“Of course, you want to be better. You don’t make excuses for it. You don’t try to deny it. It wasn’t good,” Cristobal said during training camp about last season. “I think about it this way: Our program, nothing’s going to stop it from achieving national prominence again, but it didn’t get here overnight, so getting out of it isn’t going to happen overnight. You hire tough-minded, hard-nosed people to deal with getting out of the muddy parts, right? Well, last year was a significant step in that direction.”
Changes needed to be made last offseason and Cristobal delivered on that quickly. And it started with transfers.
The NCAA’s implementation of the transfer portal — allowing players the ability to move to a new school without sitting a year — had a major impact. The Hurricanes ranked No. 12 in the transfer portal rankings out of a total of 128 teams in the NCAA’s Football Bowl Subdivision. Miami brought in a total of 17 transfers.
But Cristobal also watched 26 Hurricanes depart, via the portal, which freed up some room for him to rebuild. And he was OK with that, especially knowing that last year’s team, as constituted, didn’t qualify for a bowl.
“A parent is very free and welcome to pick up their son if they’re not happy with their playing time at the University of Miami,” Cristobal said in the offseason when announcing the amount of players headed out of the program. “I guess that’s my philosophy.”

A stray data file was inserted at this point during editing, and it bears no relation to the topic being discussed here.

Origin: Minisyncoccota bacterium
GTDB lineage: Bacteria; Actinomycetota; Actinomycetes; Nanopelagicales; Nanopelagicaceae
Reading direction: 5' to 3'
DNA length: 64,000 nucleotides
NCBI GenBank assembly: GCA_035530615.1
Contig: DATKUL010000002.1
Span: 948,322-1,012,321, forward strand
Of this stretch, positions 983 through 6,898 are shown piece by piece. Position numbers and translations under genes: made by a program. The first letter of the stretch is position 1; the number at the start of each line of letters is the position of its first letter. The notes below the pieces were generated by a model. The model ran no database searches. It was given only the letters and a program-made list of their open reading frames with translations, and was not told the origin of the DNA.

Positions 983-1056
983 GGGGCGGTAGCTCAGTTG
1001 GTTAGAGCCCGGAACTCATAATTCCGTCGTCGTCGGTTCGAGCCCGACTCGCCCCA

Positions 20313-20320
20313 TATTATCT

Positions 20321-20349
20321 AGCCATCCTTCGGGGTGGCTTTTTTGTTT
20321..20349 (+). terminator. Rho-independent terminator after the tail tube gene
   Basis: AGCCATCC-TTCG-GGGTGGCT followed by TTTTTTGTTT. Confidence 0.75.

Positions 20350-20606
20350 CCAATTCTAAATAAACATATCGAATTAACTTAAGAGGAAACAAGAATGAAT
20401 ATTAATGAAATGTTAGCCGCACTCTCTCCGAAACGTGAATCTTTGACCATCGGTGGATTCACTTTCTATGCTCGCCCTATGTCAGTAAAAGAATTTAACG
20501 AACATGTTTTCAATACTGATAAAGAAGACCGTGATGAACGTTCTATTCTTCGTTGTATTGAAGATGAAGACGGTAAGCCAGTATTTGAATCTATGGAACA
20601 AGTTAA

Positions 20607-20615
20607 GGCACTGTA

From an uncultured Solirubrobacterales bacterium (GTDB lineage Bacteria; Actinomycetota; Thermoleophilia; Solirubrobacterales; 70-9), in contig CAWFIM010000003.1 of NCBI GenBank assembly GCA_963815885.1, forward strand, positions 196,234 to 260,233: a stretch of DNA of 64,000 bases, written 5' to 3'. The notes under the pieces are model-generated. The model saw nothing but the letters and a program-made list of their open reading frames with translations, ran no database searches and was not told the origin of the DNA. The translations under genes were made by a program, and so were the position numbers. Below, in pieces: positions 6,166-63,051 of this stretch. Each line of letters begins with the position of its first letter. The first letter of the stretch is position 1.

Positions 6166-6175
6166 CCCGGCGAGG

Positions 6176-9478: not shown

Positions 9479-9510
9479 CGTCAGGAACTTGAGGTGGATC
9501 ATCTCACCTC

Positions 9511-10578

But Miami also brought in 26 high-school recruits, which is tied for fourth most in the nation. The Hurricanes’ 2023 recruiting class finished as the seventh-best in the country.
“That’s always been the blueprint to success at the stops that we have had. We’ve got to build and develop to a point where you have legitimate winning and championship depth at every position,” Cristobal said. “And we have certainly gained a lot of ground towards that; we still have to gain more. At every position, we are looking for players.”
That continued on Sunday, when — despite the loss less than 24 hours before — Miami landed a verbal commitment from Ny Carr, an ESPN Top 300 receiver who originally committed to Georgia.
The Hurricanes also made changes on the coaching staff in the offseason, hiring Shannon Dawson as the offensive coordinator, and Lance Guidry as the defensive coordinator. The results have been impressive. Even with the loss to Georgia Tech, Miami has scored 195 points, and allowed just 73.
“They’re elite human beings. They’re great people, they’re high-level professionals and they connect well with our players,” Cristobal said of the new coaches. “They’ve made a tremendous impact already.”
And now the onus is on the staff and the players to regroup, refocus and rebound in time for the Tar Heels on Saturday.
“I feel like I know more and more why we were brought to Miami,” Cristobal said. “As a player and as a coach, we had an opportunity to win a lot of games and a lot of championships. And then it slowly slipped away a little bit. And that didn’t happen overnight. And we were brought back to get it back on the national prominence level.”
They can take a huge step toward that this weekend.